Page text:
The order books of the new Volkswagen Beetle have been opened. Deliveries in the UK will start in spring 2012. Two engines will be available at the launch, including a 1.2-litre TSI 105 PS coupled to a seven-speed DSG transmission and a 1.4-litre 160 PS TSI with a six-speed manual gearbox. There will be three trim levels -- Beetle, Design and Sport – that will be available. The 1.2-litre in Beetle or Design trim has a starting price of £16,490 (RRP OTR). But the 1.4-litre in Design or Sport trim is priced from £19,470.
In 2012, the lineup will be joined by three other engines: a 1.6-litre TDI BlueMotion Technology 105 PS, 2.0-litre TDI 140 PS and 2.0-litre TSI 200 PS. There’s an option of a six-speed manual gearbox for the 1.2-litre TSI model. It comes with high specification levels.
The standard equipment for the Beetle includes air conditioning, remote central locking, an RCD 310 CD system with DAB radio and rear Isofix seat preparation.
A set of 17-inch alloy wheels to the mid-level Design trim is offered in two styles. It also comes with Bluetooth telephone preparation with MDI (multi-device interface) iPod connectivity, front fog lights, an alarm, an RCD 510 DAB CD/radio, multifunction leather-wrapped steering wheel and body-colored door and dashboard panels.
The top-of-the-line Sport specification offers 18-inch alloys in two styles. In addition, it is equipped with cruise control, tinted glass, sports seats, parking sensors, gloss black door mirrors, dashboard and door panel and 2Zone electronic climate control. Consumers can choose from a broad variety of optional items like Keyless Access, satellite navigation systems, a panoramic sunroof and bi-xenon headlights.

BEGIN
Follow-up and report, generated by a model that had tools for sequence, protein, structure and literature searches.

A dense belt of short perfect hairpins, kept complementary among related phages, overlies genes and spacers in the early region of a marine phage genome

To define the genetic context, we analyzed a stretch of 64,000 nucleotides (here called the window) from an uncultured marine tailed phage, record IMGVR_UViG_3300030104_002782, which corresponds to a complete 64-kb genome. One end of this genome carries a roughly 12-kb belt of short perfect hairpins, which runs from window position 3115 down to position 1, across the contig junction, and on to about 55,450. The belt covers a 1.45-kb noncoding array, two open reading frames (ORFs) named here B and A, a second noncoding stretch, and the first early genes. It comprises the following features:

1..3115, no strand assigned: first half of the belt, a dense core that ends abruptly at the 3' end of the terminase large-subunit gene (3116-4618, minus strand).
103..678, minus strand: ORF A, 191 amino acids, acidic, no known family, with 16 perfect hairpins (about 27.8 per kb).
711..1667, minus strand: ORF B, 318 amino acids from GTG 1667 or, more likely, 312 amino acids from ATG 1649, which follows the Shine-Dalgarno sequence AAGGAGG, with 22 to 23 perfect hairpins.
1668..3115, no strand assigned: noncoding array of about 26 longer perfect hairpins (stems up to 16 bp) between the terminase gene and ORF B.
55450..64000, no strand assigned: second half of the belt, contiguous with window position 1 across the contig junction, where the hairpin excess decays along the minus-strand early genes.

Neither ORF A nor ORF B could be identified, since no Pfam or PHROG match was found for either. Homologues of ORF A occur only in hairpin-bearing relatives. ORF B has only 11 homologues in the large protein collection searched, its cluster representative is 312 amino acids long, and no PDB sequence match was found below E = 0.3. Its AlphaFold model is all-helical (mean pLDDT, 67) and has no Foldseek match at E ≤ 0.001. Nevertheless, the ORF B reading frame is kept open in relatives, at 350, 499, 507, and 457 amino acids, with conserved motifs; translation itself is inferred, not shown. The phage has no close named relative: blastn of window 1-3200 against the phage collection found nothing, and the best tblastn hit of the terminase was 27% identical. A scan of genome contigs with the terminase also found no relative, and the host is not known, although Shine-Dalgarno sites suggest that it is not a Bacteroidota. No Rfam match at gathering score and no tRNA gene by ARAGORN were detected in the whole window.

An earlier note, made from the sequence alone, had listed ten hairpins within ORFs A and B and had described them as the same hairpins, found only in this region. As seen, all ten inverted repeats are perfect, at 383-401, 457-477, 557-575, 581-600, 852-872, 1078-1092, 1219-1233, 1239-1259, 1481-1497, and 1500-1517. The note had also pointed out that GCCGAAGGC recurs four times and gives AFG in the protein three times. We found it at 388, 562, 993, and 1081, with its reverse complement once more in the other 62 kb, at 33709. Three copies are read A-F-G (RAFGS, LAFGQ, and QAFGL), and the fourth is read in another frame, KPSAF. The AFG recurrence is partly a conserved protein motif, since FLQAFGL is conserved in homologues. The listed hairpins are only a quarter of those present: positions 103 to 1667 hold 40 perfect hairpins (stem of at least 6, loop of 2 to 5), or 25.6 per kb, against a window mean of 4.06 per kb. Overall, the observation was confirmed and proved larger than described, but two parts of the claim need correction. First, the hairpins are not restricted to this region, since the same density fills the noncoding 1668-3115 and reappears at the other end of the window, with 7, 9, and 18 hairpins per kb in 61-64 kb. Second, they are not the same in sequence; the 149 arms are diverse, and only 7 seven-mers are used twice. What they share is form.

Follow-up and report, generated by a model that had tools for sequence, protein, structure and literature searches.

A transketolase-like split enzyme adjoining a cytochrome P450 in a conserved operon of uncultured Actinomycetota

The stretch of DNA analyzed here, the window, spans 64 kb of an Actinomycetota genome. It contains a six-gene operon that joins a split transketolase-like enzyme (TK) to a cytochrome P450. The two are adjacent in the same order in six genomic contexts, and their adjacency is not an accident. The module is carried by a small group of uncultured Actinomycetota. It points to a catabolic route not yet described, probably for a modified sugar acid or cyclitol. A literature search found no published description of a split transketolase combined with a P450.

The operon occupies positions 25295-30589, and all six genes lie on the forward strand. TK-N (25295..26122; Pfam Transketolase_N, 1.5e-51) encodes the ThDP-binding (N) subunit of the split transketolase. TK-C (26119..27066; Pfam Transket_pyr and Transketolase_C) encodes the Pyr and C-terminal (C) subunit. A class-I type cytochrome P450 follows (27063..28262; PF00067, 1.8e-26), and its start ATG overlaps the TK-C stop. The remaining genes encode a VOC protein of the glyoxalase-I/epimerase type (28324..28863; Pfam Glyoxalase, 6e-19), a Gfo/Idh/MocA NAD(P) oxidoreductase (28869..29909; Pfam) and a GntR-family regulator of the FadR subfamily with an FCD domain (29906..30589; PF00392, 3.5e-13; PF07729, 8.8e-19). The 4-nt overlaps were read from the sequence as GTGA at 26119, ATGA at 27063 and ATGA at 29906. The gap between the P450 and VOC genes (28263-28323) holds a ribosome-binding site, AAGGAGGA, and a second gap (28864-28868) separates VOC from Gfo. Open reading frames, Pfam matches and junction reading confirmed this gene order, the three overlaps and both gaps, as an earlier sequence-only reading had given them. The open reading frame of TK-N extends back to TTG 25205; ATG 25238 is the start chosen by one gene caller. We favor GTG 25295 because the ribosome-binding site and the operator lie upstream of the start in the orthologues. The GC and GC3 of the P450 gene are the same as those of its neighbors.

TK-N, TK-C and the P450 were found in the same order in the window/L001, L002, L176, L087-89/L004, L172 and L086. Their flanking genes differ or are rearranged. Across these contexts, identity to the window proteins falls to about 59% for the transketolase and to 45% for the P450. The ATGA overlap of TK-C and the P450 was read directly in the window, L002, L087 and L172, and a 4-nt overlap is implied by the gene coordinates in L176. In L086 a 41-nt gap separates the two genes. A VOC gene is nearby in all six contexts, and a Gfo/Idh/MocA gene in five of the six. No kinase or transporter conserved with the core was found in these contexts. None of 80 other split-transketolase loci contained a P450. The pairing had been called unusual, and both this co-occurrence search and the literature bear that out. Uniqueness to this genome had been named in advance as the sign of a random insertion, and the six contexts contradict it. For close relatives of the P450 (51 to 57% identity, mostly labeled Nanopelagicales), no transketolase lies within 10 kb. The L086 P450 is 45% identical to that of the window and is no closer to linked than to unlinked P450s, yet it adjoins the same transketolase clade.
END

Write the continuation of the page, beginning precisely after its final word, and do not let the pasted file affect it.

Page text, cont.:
VW Beetle is one of the most iconic automotive designs in the world. Up there with the iPhone, Ray Bans, Coke Bottles and Pringles, it is one of the most recognisable cars in the world, thanks in part to the movie the Italian Job. So if you were to redesign it, how would you go about it? Well first you would ensure you understand what it is about the product everyone knows and loves and second what do you know about the brand?
It was Volkswagen's Chief Designer Walter de Silva and Klaus Bischoff mission to do exactly that and then design a new Beetle without compromising the parts everyone loved best.
Under Bischoff's lead, the team set about designing the new Beetle. First off, the designers got together to go over the original’s exterior and see how they could bring that more up-to-date. With many of the team being themselves owners of Beetles, they brought a lot to the table when it came to improvements and how to keep it aesthetically similar. This is how it came to be that the new Beetle is clearly a car of today, shaped by yesterday.
This is even more evident in the final models. When compared with previous iterations, it is apparent when examining the roof for example, the lines running from the roof to the rear of the vehicle are identical.
Every part was remade. In fact, the new Beetle is a much more aggressive machine, it looks bigger but remains a compact where it counts. Klaus Bischoff said that the new Beetle is a sporty, bolder vehicle with clean lines and a wider stance. This aggressive new look is down to a longer front bonnet, lowered profile and the steeper incline of the windscreen.
Whereas the old Beetle was defined by a series of circles from the headlamps to the wings and the domed roof, the new Beetle feels like a breath of fresh air. The roof is lower and more in line with the Ragster concept car which was unveiled in 2005. Overall it is obvious the new Beetle is an exceptional piece of engineering which is more in tune with today’s modern car lovers.